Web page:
Bladder cancers arise from distinct urothelial sub-populations

Abstract

Bladder cancer is the sixth most common cancer in humans. This heterogeneous set of lesions including urothelial carcinoma (Uca) and squamous cell carcinoma (SCC) arise from the urothelium, a stratified epithelium composed of K5-expressing basal cells, intermediate cells and umbrella cells. Superficial Uca lesions are morphologically distinct and exhibit different clinical behaviours: carcinoma in situ (CIS) is a flat aggressive lesion, whereas papillary carcinomas are generally low-grade and non-invasive. Whether these distinct characteristics reflect different cell types of origin is unknown. Here we show using lineage tracing in a murine model of carcinogenesis that intermediate cells give rise primarily to papillary lesions, whereas K5-basal cells are likely progenitors of CIS, muscle-invasive lesions and SCC depending on the genetic background. Our results provide a cellular and genetic basis for the diversity in bladder cancer lesions and provide a possible explanation for their clinical and morphological differences.

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Figure 1: Characterization of cell-type-specific Cre lines.
Figure 2: Tumour types observed after BBN treatment.
Figure 3: Keratin-5-expressing basal cells give rise to CIS and muscle-invasive lesions.
Figure 4: Intermediate cells contribute to papillary lesions.
Figure 5: Keratin-5-expressing basal cells contribute to SCC.
Figure 6

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Acknowledgements

We thank W. Finstad for help with data collection, D. Metzger and P. Chambon for the Krt5CreERT2 line, F. H. Li for technical assistance, the Herbert Irving Comprehensive Cancer Center Histology Core facility for paraffin embedding and the Herbert Irving Comprehensive Cancer Center Microscopy Core for help with confocal microscopy. We thank C. Abate-Shen for critical reading of the manuscript and M. Benson, T. Owczarek and J. Mckiernan for helpful discussions. This work was funded by The TJ Martell Foundation (C.M.) and a Dean’s Research Fellowship from Columbia University (T.Y.).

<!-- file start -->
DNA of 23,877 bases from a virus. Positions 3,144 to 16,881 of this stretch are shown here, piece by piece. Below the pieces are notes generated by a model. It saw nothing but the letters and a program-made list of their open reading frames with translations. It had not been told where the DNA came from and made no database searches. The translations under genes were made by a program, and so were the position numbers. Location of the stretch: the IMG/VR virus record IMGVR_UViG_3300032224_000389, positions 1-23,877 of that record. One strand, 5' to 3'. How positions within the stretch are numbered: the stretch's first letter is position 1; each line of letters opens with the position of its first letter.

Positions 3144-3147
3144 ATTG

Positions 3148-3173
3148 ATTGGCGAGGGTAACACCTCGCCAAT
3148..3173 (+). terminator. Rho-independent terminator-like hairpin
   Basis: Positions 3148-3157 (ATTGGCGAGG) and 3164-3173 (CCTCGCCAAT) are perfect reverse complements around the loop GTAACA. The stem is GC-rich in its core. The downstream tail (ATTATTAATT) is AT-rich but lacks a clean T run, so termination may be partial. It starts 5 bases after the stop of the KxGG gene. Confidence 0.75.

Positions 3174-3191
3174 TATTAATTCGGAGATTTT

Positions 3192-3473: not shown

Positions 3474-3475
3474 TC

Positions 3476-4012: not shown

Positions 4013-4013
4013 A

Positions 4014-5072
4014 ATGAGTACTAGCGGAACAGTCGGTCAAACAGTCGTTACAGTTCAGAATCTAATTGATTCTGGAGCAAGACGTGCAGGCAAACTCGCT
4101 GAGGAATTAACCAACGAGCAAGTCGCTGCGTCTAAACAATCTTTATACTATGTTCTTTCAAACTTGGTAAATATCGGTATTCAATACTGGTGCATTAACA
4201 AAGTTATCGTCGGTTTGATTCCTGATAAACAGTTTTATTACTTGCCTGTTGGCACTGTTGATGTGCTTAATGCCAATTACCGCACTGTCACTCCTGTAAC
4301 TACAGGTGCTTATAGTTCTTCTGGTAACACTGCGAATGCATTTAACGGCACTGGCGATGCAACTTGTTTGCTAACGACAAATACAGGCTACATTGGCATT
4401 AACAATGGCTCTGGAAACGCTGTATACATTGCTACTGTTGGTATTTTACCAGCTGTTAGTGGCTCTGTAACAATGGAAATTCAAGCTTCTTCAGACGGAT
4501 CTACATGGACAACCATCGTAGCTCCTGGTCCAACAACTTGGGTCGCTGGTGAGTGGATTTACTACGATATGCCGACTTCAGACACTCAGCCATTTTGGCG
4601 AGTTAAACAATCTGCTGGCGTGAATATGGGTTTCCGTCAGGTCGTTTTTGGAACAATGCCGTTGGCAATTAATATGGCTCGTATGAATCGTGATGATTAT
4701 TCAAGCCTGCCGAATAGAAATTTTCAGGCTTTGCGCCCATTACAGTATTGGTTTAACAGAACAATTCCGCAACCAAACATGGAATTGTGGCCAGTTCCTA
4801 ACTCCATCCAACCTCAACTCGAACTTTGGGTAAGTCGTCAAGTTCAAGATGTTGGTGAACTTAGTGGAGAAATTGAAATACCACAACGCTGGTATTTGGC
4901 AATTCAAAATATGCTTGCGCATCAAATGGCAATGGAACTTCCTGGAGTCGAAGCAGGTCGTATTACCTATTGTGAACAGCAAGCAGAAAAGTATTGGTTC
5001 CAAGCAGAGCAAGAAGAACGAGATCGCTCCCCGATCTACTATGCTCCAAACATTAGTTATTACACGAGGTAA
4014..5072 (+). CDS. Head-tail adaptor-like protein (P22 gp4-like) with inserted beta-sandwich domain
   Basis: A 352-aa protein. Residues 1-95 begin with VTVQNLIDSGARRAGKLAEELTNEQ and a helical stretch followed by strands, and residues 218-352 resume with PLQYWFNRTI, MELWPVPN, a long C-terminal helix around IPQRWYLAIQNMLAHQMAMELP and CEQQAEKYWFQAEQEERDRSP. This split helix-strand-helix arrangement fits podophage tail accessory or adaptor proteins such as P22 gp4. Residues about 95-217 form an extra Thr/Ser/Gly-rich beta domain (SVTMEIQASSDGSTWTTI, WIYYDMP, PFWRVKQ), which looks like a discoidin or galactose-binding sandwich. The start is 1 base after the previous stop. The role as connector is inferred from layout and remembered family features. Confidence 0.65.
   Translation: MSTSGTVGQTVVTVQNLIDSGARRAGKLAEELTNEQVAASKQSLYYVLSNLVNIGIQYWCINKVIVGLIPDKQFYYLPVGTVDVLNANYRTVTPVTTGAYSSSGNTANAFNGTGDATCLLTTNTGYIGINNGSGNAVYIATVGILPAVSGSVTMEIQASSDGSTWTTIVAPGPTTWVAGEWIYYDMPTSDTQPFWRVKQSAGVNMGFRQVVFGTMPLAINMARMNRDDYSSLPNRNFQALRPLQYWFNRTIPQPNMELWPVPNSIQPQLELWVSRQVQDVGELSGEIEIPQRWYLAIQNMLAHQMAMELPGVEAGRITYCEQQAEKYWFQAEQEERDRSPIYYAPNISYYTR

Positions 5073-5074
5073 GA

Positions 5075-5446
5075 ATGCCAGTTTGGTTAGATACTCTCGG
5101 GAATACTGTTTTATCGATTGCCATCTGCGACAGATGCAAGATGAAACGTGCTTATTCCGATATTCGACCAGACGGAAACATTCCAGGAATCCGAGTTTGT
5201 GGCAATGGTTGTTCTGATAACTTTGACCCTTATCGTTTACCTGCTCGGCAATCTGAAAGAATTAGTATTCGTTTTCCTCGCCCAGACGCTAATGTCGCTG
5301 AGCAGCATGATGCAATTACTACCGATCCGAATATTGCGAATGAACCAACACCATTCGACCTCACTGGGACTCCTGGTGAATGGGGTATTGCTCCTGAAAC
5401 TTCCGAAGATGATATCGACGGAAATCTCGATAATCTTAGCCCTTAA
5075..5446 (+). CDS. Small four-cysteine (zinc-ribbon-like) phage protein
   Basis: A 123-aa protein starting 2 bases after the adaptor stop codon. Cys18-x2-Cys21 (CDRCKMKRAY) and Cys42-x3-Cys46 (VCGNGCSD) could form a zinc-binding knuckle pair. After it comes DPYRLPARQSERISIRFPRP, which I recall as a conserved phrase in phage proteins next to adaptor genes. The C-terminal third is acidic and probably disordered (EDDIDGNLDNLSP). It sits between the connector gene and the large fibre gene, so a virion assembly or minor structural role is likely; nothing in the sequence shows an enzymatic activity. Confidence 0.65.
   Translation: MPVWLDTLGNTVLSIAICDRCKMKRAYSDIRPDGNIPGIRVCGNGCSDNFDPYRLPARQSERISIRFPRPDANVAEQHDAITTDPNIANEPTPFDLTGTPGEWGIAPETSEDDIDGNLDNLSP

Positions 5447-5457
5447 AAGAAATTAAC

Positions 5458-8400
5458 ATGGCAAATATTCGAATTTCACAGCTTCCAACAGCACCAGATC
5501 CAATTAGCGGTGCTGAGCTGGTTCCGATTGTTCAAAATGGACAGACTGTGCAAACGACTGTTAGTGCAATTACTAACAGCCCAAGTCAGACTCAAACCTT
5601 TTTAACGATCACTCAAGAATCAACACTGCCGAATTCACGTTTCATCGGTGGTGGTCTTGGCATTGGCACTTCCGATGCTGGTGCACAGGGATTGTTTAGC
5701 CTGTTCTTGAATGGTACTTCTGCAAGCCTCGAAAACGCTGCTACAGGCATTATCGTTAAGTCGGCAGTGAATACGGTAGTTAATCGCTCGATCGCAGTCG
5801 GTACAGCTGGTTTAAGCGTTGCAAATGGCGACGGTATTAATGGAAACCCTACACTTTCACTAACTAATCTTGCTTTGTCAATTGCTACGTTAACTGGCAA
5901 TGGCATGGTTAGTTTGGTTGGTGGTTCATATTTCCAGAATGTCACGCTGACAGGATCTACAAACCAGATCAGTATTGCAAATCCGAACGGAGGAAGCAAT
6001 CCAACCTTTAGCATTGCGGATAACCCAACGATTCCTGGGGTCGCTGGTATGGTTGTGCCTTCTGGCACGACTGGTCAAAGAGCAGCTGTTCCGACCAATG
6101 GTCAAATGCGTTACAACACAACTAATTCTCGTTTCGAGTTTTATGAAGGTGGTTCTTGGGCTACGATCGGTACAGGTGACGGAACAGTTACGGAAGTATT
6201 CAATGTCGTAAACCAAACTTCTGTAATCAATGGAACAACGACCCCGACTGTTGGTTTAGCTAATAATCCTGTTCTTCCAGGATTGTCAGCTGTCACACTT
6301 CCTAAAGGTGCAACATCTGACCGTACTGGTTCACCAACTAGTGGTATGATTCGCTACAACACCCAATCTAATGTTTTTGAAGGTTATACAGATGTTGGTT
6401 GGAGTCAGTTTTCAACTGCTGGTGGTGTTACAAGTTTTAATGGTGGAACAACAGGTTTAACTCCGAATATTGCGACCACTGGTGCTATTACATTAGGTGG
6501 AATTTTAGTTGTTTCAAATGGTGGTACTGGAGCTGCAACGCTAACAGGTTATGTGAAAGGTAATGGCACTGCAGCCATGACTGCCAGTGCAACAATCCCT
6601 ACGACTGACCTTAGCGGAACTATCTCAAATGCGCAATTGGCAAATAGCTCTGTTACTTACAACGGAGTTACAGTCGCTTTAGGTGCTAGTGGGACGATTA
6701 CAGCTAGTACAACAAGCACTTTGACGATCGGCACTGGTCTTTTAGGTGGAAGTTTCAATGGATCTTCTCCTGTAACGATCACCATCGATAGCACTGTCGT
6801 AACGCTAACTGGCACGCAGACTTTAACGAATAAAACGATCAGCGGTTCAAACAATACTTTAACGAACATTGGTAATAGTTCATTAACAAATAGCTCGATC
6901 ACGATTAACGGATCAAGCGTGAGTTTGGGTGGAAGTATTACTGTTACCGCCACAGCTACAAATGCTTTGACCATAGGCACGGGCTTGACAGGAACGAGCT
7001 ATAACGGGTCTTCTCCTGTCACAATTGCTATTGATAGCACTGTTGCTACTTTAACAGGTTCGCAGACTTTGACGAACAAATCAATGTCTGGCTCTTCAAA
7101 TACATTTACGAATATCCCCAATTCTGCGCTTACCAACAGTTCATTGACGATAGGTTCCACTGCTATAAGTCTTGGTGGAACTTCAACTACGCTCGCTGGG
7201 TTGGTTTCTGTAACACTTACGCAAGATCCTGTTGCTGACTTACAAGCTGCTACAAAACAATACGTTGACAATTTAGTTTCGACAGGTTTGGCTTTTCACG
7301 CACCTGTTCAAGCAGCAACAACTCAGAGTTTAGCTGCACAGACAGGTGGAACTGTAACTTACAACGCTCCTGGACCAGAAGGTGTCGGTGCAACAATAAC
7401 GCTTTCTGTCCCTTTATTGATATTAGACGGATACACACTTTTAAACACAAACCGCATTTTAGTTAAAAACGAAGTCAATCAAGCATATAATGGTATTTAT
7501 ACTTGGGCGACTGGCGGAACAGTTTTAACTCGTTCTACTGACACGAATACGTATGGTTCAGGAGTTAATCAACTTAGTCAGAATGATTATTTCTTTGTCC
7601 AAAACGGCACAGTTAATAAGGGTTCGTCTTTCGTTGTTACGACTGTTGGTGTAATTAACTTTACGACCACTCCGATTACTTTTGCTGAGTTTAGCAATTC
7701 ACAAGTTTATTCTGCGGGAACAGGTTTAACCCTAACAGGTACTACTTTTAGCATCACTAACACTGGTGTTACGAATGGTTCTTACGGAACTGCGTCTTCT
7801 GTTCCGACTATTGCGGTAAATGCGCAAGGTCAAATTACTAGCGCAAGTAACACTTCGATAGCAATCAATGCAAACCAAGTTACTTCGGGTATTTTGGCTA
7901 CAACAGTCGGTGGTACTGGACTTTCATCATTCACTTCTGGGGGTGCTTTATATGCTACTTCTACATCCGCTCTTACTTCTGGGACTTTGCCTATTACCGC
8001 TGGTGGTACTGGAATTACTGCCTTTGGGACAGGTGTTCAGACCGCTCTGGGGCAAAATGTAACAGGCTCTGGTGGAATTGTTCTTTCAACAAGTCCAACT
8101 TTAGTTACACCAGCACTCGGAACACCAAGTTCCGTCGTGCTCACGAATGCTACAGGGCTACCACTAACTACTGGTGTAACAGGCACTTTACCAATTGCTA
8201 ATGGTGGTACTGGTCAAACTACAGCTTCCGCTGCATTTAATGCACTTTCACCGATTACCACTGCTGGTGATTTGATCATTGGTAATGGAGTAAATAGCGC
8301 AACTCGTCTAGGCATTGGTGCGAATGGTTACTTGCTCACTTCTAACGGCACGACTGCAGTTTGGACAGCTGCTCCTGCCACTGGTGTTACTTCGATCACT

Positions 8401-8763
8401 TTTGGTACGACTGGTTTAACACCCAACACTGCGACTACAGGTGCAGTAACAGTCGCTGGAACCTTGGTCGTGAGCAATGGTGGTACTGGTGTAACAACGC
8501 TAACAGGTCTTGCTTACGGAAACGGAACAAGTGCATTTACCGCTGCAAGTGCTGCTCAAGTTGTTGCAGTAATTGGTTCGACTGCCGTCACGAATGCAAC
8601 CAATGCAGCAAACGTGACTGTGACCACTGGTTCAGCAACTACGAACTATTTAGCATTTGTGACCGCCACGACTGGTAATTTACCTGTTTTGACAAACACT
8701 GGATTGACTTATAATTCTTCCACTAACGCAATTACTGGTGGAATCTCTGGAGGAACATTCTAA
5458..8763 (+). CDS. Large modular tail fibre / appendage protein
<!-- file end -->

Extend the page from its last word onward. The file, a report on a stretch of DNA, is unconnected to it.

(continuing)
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J.V.B., T.Y. and A.M. contributed equally to this work. A.M. and C.M. conceived ideas and experimental design. J.V.B., T.Y., H.D., E.B., D.O. and K.S. collected data. J.V.B., T.Y. and M.M. performed histopathological analysis. J.V.B. and T.Y. interpreted the data. J.V.B., T.Y. and C.M. wrote the manuscript. X-R.W., M.D. and C.C-C. provided technical support and conceptual advice.

Corresponding authors

Correspondence to Jason Van Batavia or Tammer Yamany or Andrei Molotkov or Cathy Mendelsohn.

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The authors declare no competing financial interests.

Integrated supplementary information

Supplementary Figure 1 Specificity and labelling in Cre reporter lines.

A bar graph showing the percentage of labelled cells after Tamoxifen (Tm)-induction in Upk2LZ, Krt5Tom and Krt5LZ mice. Tamoxifen dependent recombination in Upk2LZ mice was on average 29% (SD = 8.5,n = 3 mice); 39% on average in K5Tom mice (SD = 15,n = 8), and 28% in K5LZ mice (SD = 10,n = 3). Analysis of Tamoxifen-treated adult Upk2CreERT2;LacZ;p53+/− (Upk2LZ mice) revealed Cre-dependent recombination in 29% of the Intermediate and Superficial cell populations (n = 3 animals, SD = 8.5), and labelled cells were rare in the basal layer (less than or equal to 0.05%; 9/17,454, n = 15). Analysis of Krt5CreERT2LacZ;p53+/− (K5LZ) and Krt5CreERT2;mTom(K5Tom) lines indicates that in both, recombination was Tamoxifen-dependent and specific (Fig. 1g, h, k, l). We observed expression of the lineage tag on average in 39% of the K5-basal cell population in K5Tom mice (n = 8, SD = 15) and 28% of K5-basal cells in K5LZ mice (n = 3, SD = 10). Analysis of the distribution of labelled K5-basal cells and their descendants in Tamoxifen-induced K5Tom and K5LZ mice revealed that Cre-dependent recombination was selectively localized; rare labelled cells were present in the intermediate layer and no detectable labelled cells in the superficial layer (2/13352, labelled Intermediate cells, 0.01%; 0/13352 Superficial cells, n = 16).

Supplementary Figure 2 Characteristic response to BBN treatment separated by weeks of BBN exposure, sex and p53 status.

(A-F) H&E stained section through p53+/− male mice demonstrating CIS at 16 weeks (A, B), a high grade papillary lesion at 20 weeks (C, D) and invasion at 24 weeks (E, F). (G-L) H&E stained section through p53+/− female mice demonstrating dysplasia at 16 weeks (G, H), CIS at 20 weeks (I, J) and invasion at 24 weeks (K, L). (M-R) H&E stained section through p53+/+ male mice demonstrating squamous metaplasia at 16 weeks (M, N), SCC at 20 weeks (O, P) and invasive SCC at 24 weeks (Q, R). (S-X) H&E stained section through p53+/+ female mice demonstrating squamous metaplasia and SCC at 16 weeks (S, T), papillary SCC at 20 weeks (U, V) and SCC invasion into the muscle and fat at 24 (W, X) weeks. Abbreviations: CIS = Carcinoma in situ; SCC = Squamous cell carcinoma. Magnifications: A, C, E, G, I, K, M, O, Q, S, U, W X04; B, H, J X20 zoomed; D, F, N, P, R, T, V, X X20; L X10. Scale bars: A, C, E, G, I, K, M, O, Q, S, U, W 500 μm; B, H, J: 50 μm; D, F, N, P, R, T, V, X: 100 μm; L: 200 μm.

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Van Batavia, J., Yamany, T., Molotkov, A. et al. Bladder cancers arise from distinct urothelial sub-populations. Nat Cell Biol 16, 982–991 (2014). https://doi.org/10.1038/ncb3038

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